The historic 100-year-old San Francisco building that housed the Wax Museum for 35 years was demolished in September 1998 to make way for a new $10 million, 100,000 square-foot showplace building. The new Wax Museum on Fisherman’s Wharf has upgraded the retail and dining experience on Jefferson Street. This project is an excellent example of Nibbi’s expertise in working in bay mud. A pile system was employed known as Fundex, which greatly minimized vibrations during installation compared to conventional precast piles. This reduced the risk of damage to adjacent structures due to vibration. In addition, a complex multi-phase plan was developed to perform the below grade work, which included dewatering, shoring and bracing to respond to the challenges of working in the mud and in an area with a very high water table. The tight site access and constant flow of pedestrians provided coordination challenges which Nibbi responded to proactively to ensure maximum public and work safety.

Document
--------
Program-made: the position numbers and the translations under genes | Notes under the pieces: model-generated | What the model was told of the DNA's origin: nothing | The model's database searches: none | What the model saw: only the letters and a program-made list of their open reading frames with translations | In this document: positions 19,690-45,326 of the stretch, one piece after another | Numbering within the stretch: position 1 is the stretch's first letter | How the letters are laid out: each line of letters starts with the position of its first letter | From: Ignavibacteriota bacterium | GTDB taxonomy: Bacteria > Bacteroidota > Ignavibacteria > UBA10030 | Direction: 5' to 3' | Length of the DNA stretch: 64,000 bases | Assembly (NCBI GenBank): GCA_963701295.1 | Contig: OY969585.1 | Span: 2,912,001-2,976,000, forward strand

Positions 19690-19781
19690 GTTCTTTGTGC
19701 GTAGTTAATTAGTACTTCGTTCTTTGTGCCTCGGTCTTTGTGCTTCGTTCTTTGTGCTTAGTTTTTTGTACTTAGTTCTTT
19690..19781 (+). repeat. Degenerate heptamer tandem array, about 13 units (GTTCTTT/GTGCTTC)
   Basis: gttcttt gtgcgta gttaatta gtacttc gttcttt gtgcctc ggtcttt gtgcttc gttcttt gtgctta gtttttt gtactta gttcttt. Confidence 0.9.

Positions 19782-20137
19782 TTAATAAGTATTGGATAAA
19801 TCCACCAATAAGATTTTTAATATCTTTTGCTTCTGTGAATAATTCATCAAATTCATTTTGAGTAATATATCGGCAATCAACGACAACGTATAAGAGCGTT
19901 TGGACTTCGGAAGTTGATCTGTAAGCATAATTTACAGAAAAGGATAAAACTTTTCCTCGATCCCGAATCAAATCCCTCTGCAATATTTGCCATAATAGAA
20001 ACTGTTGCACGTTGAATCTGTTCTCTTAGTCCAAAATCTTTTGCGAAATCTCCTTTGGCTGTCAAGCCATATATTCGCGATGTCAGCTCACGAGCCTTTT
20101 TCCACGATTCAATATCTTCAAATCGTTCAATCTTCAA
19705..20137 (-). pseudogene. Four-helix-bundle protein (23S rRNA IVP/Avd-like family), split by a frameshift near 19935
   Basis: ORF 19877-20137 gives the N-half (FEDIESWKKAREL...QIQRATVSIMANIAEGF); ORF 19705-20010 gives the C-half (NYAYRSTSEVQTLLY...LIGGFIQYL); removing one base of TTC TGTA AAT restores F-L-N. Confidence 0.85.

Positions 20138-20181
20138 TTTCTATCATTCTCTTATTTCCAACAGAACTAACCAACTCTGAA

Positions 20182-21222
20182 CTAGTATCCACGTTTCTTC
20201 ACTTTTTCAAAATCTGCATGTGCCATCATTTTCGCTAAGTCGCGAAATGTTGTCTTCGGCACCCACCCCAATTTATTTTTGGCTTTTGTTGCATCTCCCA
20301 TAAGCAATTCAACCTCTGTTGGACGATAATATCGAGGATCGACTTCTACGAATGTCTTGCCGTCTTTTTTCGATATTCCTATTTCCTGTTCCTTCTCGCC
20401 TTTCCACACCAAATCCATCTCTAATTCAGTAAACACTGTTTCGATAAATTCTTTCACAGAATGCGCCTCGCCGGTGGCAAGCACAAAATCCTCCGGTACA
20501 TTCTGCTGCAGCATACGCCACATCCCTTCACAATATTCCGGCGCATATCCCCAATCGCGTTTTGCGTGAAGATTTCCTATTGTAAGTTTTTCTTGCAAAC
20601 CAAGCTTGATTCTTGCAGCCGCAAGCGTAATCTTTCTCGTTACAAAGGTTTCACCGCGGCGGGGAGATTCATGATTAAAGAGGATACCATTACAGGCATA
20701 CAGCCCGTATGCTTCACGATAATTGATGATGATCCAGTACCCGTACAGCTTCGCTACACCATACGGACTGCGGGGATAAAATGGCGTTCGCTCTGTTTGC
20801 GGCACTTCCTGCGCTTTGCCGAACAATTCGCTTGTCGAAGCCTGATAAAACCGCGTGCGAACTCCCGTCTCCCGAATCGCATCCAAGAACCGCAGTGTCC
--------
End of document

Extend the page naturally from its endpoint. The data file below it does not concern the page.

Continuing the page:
The new museum is a 3-story steel structure with a basement. The exterior is comprised of curtain wall bay windows, storefront, brick veneer and stucco. The site contains 100,000 square-feet of retail space, including the Rainforest Café, a unique jungle-themed restaurant containing waterfalls, aquariums and various exotic plants.